Most of the emails that I get from Marines in the field are wonderful: efficient, friendly, sincere thank-yous from senior NCOs and more senior officers. Until the last year, I didn’t personally know anyone deployed in Iraq fitting that description, but in the past year I have met a few. To a man (yes, they are all in combat arms), they are what any civilized society would hope to have leading their sons and daughters in the terrible business of conducting a war. I have come to look forward to getting three sentences from these men, mostly confirmation that another care package arrived and their Marines were ‘feeling the love’ from back home.
Yesterday, I responded to one of those emails from a very senior Marine NCO by explaining a little of what we have been doing (i.e., how did it happen that you got this care package from me). I always try to make a couple of points with these men: 1) the professionalism displayed by our Marines is a source of great pride, and 2) we are aware that much of what they do which is good is not being reported (i.e., we know the news is slanted). Most of the time, I don’t get an email back. That’s generally because these men have another job which occupies their time and energy (and I stress that their families are more important than strangers trying to help with morale).
This time was different. This senior Marine wrote back to say: ”Glad to hear that you care. So many people don't.” I was quite taken aback by this message. Its directness wasn’t surprising, but the tone was disturbing to me. It was completely out of step with what I usually hear.
I pondered this for most of the day, wondering what could lie behind this. The obvious explanations did not fit: there were no fatalities in this unit and there was no other public bad news. True, it could be that I was seeing the consequences of fatigue, the cumulative effects of a raft of minor problems, or other issues that probably won’t matter in the long run. Still, after dozens and dozens and dozens of these emails, all from Marines in roughly comparable settings, this one stood apart.
It occurred to me later that I may have been seeing something that has been noted by many others who interact with Marines and soldiers in the field: what happens back home affects Marines and soldiers in the field. So, what’s happened lately? A casual tour of the blogs which cover such matters shows a litany of serious negativity:
Then, a plausible explanation jumped out: this email came 24 hours after this Marine’s likely new civilian boss, Robert Gates, said that the military wasn’t winning the war in Iraq. Now, the truth is that the headlines trumpeted this, but the Secretary-designate’s views are a bit more nuanced than that. From an MSNBC report,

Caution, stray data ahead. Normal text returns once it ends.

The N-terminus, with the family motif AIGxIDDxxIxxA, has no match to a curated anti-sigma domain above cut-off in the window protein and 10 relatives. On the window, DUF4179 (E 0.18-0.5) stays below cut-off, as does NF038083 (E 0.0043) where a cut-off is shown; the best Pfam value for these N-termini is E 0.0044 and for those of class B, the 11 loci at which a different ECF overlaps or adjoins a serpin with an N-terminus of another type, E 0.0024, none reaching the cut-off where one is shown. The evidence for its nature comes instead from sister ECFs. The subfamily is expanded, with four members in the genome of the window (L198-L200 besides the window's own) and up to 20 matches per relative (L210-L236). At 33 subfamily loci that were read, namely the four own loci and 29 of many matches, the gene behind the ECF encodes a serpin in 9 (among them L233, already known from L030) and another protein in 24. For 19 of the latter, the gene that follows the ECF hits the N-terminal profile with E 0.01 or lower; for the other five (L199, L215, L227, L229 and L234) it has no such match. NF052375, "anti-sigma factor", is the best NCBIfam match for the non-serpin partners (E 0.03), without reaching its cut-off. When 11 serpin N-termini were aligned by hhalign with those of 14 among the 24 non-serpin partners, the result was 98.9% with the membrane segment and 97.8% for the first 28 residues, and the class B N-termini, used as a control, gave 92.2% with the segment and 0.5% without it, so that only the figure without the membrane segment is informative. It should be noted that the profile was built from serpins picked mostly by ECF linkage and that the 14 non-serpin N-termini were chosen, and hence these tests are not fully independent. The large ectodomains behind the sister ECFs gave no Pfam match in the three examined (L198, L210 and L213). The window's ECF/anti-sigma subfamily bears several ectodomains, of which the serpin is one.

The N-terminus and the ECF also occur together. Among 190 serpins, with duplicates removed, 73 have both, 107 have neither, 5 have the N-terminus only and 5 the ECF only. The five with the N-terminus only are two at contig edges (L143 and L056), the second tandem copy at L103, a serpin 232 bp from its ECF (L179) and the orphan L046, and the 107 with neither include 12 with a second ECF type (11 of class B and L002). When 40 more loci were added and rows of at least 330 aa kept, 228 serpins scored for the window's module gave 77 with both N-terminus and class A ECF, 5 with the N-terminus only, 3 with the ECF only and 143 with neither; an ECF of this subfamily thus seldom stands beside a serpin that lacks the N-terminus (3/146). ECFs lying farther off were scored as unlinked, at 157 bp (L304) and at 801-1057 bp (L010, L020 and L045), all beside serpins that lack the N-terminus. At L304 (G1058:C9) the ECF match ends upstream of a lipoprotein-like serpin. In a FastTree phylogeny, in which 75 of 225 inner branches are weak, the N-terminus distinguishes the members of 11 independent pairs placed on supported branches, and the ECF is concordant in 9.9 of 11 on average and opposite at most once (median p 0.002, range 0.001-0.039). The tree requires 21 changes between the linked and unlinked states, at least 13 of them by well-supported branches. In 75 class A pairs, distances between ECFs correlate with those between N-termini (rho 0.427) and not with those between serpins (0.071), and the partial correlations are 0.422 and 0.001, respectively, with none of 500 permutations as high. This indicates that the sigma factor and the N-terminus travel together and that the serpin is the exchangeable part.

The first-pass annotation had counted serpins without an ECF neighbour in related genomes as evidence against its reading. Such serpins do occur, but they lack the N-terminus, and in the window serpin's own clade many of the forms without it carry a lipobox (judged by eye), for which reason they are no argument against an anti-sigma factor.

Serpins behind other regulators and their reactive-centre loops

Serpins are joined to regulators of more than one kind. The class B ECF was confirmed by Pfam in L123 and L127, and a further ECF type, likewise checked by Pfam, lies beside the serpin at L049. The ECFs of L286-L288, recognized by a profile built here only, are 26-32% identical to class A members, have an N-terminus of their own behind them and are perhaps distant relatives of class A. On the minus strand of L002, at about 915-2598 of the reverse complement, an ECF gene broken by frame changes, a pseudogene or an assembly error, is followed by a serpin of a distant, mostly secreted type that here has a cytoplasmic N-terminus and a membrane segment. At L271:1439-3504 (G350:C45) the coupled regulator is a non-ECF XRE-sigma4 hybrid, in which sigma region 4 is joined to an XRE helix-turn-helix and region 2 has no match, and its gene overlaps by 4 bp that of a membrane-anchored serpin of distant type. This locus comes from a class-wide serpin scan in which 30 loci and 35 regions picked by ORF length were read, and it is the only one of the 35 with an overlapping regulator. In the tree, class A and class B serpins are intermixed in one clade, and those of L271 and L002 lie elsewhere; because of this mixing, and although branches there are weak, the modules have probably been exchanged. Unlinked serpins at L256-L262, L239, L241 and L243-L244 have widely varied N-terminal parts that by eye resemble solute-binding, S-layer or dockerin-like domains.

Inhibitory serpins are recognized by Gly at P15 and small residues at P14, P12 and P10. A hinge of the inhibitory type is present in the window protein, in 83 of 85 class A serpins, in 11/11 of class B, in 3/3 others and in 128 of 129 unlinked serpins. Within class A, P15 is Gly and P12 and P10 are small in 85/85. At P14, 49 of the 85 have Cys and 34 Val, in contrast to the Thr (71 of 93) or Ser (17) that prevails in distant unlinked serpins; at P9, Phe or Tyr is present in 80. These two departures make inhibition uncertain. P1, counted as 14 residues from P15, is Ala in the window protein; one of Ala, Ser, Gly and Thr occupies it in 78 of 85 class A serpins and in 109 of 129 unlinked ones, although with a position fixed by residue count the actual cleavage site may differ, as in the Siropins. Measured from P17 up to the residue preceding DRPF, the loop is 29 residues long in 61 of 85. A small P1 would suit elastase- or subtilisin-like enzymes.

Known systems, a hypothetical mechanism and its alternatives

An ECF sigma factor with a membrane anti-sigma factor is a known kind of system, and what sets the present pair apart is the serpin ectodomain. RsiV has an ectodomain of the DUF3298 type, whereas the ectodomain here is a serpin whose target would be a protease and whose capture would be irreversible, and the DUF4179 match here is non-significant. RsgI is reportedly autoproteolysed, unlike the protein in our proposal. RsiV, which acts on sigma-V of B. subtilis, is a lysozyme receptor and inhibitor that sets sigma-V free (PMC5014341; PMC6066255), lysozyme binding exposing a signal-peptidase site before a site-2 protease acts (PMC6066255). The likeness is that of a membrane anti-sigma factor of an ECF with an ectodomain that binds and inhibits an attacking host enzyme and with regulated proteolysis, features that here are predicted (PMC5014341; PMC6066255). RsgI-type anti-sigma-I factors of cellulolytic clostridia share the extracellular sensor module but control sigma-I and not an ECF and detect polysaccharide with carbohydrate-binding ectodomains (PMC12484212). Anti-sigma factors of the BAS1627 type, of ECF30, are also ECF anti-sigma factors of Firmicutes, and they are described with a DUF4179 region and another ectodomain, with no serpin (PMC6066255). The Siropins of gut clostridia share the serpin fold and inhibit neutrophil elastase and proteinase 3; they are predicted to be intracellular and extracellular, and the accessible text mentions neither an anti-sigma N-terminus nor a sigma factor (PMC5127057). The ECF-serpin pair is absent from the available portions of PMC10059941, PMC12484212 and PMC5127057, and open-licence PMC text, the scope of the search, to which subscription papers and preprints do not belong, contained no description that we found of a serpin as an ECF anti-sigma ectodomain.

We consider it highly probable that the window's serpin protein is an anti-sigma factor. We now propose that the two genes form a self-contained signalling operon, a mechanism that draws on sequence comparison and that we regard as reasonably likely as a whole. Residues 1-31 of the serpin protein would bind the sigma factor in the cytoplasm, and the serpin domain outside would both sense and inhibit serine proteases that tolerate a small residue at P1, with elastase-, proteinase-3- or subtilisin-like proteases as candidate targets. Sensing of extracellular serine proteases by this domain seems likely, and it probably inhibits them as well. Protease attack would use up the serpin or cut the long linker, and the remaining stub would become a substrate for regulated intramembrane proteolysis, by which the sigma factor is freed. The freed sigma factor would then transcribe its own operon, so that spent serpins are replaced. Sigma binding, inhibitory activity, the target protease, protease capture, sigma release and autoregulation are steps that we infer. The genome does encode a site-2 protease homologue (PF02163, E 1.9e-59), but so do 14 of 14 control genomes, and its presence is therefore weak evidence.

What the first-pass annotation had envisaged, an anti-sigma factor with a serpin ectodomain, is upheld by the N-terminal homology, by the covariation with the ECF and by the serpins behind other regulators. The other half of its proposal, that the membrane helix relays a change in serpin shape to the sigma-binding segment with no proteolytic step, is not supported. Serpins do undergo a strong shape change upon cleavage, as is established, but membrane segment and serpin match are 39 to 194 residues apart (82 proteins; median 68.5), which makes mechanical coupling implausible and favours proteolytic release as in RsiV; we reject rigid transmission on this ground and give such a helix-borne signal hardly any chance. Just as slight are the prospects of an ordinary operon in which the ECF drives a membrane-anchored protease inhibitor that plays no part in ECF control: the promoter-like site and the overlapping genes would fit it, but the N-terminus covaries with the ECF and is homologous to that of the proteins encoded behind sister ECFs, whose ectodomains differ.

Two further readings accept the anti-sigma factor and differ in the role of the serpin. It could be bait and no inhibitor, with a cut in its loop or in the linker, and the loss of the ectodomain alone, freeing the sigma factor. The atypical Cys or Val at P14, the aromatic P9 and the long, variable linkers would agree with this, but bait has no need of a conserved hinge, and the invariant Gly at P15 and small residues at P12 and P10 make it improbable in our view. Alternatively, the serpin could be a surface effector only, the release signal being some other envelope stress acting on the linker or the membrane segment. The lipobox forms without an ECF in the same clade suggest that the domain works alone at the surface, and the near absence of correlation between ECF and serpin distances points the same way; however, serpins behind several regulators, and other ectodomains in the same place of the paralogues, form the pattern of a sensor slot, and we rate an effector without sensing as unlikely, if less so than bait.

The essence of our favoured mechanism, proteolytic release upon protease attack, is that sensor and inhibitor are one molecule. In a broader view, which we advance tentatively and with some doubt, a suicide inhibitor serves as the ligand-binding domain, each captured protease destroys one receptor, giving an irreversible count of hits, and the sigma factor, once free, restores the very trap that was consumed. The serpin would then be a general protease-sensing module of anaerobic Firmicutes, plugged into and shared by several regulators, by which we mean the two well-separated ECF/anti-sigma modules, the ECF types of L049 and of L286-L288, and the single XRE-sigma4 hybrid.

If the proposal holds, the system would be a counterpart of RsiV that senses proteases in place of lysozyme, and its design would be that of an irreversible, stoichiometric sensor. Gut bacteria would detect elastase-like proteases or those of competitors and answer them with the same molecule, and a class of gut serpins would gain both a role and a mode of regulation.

At the outset of an afternoon session of questions about Iraq and other subjects, Gates began by telling the committee he wanted to amplify on his remark about not winning in Iraq. He did not withdraw the remark but said, "I want to make clear that that pertains to the situation in Iraq as a whole."
He said he did not want U.S. troops to think he believes they are being unsuccessful in their assigned missions.
"Our military wins the battles that we fight," Gates said. "Where we're having our challenges, frankly, are in the areas of stabilization and political developments and so on."
Perhaps this Marine only caught the headlines, or perhaps he was too busy ‘winning the battles’ in his area to have time to scour the testimony. Either way, it doesn’t seem far-fetched that our Marines and soldiers might have come to the point where they are wondering what the hell is going on back home.
I am not near smart enough to know how to answer that question with authority. I don’t think I have run across anyone who is that smart.
I do think there is something we can do about it, however. If you know a Marine, soldier, airman, or sailor in harm’s way, take the 10-15 minutes it will require to put a pen to paper (or type an email) and assure them of your personal support. It doesn’t have to be fancy, but it does have to happen. (These folks are good, but they cannot read your mind from 8,000 miles away.) Your note will do more good than you can imagine, and it has, I believe, a much more powerful impact on morale than reports in the MSM.
If you don’t know who to write to, go to Marty Horn’s AnySoldier.com website, pick a PFC or SGT, and send them a note. Alternatively, go to Soldiers' Angels and adopt a soldier. If you don’t know what to say, then the nice people at Xerox have created a way for you to do this without having to use your own words. It isn’t hard, and you won’t get back a critique of your efforts from a soldier or Marine.
In January 1951, Gen. Matthew Ridgway took over the 8th Army in Korea, and noting the morale problems there, he wrote and had distributed to the entire force a document entitled, “Why We Are Here.” It addressed the difficulties that soldiers and Marines in the field might have had in understanding the purpose of their terrible exertions.
I don’t think we need that now. This Marine’s closing sentence in his email to me speaks to the differences between morale in Korea at that time and in our force in Iraq: “My boys are doing a great job though and we will continue the best way we know how.”
I have to go work on something to say to this Marine and his boys. Will you do the same?
Bob can be reached via email or you may leave him a comment below.